Browse This, Browse That
Aug 26, 1996 ::
Last week either Netscape announced, or news was leaked (is there a difference?) that they've got a "secret" team of between 30 to 50 people that are working on porting their browser software to consumer and hand-held electronic devices. Soon you'll be able to run Navigator on your personal organizer, your cell phone, your pager and probably your toaster.
There's been a long standing goal in Silicon Valley and points north of "ubiquitous computing." Cell phones, pagers, laptops...all are helping millions of knowledge workers keep in touch with managers, employees, customers, suppliers, family and friends. Heck, Java started out as Oak -- an operating system for hand held devices. But the utopian dream world of ubiquitous computing goes way beyond the simple tools we have now. Why stop with connecting every PC to the net? Why not connect every fax machine, every telephone, every refrigerator, every microwave oven, every VCR and every camcorder as well?
Long relegated to the ghetto of department stores and suburban malls ("Can I help you?" "No thanks, I'm just browsing.") The web has given new life to the verb "to browse." Browsing now means much more than "just looking." It now means "looking and clicking." Just think, in a few short years, you'll be able to...
What the net has given us is a common platform (TCP/IP) for communication, and a common metaphor (browsing) for doing it. I don't have a problem with connecting more and more computers or devices to the net. The market will decide which connections are useful, and which connections are frivolous.
- Browse your favorite web sites. "Wait," you say. "I can already do that." Sure you can, you're doing it now. But can you do it from your pager? From your cell phone? From the back of a airline seat? From a web-enabled wristwatch?
- Browse your television. Not only will you be able to browse using your television, but you'll be able to browse content as well. How do you think they're going to have you navigate all 500 channels of pay-per-view boxing? Think "pulsating N in the upper right hand corner" and you're on the right track. Heck, why stop at the television? Why not browse (and program) your VCR, right from your PC at work?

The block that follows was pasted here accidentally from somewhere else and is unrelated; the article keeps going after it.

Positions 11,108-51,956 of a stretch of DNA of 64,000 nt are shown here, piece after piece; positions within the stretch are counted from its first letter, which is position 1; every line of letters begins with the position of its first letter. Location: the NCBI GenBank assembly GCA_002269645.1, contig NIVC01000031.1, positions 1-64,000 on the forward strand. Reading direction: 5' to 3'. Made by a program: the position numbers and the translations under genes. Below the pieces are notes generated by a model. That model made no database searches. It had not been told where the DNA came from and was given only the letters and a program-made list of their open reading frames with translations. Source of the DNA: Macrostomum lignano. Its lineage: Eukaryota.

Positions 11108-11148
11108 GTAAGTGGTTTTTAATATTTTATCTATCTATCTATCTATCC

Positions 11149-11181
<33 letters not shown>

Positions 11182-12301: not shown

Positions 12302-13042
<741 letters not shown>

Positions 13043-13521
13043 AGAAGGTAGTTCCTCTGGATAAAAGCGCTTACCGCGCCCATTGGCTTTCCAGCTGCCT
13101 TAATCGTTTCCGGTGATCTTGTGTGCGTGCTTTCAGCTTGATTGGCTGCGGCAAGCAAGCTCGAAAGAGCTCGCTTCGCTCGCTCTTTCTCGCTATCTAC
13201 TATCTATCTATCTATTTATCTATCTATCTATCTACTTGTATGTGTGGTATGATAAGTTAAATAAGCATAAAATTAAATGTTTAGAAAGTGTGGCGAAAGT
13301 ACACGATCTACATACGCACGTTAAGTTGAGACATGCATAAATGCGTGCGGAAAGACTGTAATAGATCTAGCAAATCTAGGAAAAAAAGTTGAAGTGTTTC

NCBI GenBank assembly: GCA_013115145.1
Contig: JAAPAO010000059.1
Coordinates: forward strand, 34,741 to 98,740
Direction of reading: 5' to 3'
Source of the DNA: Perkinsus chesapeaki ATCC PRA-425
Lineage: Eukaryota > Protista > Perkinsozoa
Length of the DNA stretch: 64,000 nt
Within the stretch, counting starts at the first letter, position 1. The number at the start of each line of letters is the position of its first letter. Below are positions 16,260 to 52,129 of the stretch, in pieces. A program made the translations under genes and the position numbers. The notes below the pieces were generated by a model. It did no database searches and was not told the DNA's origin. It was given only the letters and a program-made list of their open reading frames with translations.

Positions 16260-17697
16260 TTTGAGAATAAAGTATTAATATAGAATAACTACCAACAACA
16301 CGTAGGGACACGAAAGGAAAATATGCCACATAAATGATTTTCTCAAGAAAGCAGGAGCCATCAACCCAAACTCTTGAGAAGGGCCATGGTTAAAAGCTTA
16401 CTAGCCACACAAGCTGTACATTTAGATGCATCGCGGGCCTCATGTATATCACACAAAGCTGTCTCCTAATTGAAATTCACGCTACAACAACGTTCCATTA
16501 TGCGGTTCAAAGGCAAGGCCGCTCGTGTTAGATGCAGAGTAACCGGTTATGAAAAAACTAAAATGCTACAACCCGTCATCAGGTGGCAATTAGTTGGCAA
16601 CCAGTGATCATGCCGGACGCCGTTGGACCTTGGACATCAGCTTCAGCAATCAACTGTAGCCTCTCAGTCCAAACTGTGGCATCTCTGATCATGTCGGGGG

- Browse your phone. Need to pick up your voice messages? Why not browse your voice mail system? All those voice you hear are digitized to begin with. Heck, why even have a real phone? Just make calls on the 'net.
- Browse your kitchen. Need to see what's for dinner? Browse the content of your refrigerator. Sure, there are cameras connected to the web, but that's primitive. Why not have your refrigerator scan the barcodes of each and every product that moves in and out, and continuously update a database? That way, in the afternoon when your stomach starts rumbling at a client site you surf over to your refrigerator and browse the shelves for anything edible. Got milk? No? Order some online and have it delivered.
- Browse your neighbor's shoes. For about three years now, Nicholas Negroponte of the MIT Media Lab has prognositcating that shoes will become carriers of digital information. They're incredibly portable (you don't have to carry them around), and they have a renewable energy source (the pounding of your feet on the pavement). He says they'll carry digital calling cards, which will be automatically communicated to other people's shoes when we shake hands at a cocktail party. But why even shake hands? Why not use the Netscape browser in your PDA, and automatically scan the room for interesting shoe profiles? Imagine the ad banner possibilities for Nike and Reebok...
My problem is with the metaphor of browsing. For all the hype about the "interactive" nature of the web, browsing is a very passive activity. Click, wait, read. Click, wait, read. Click, wait, read. This is not how I want to interact with my computer, much less my refrigerator or my neighbor's shoes.
"Browsing," aside from its obvious connotations of shopping (see above), leaves the viewer in a state of passive acceptance of the information that they're, well, browsing. There is no challenge and response. There is no questioning of validity, no feedback loop.
Plainly put, when you're browsing, you can't talk back.
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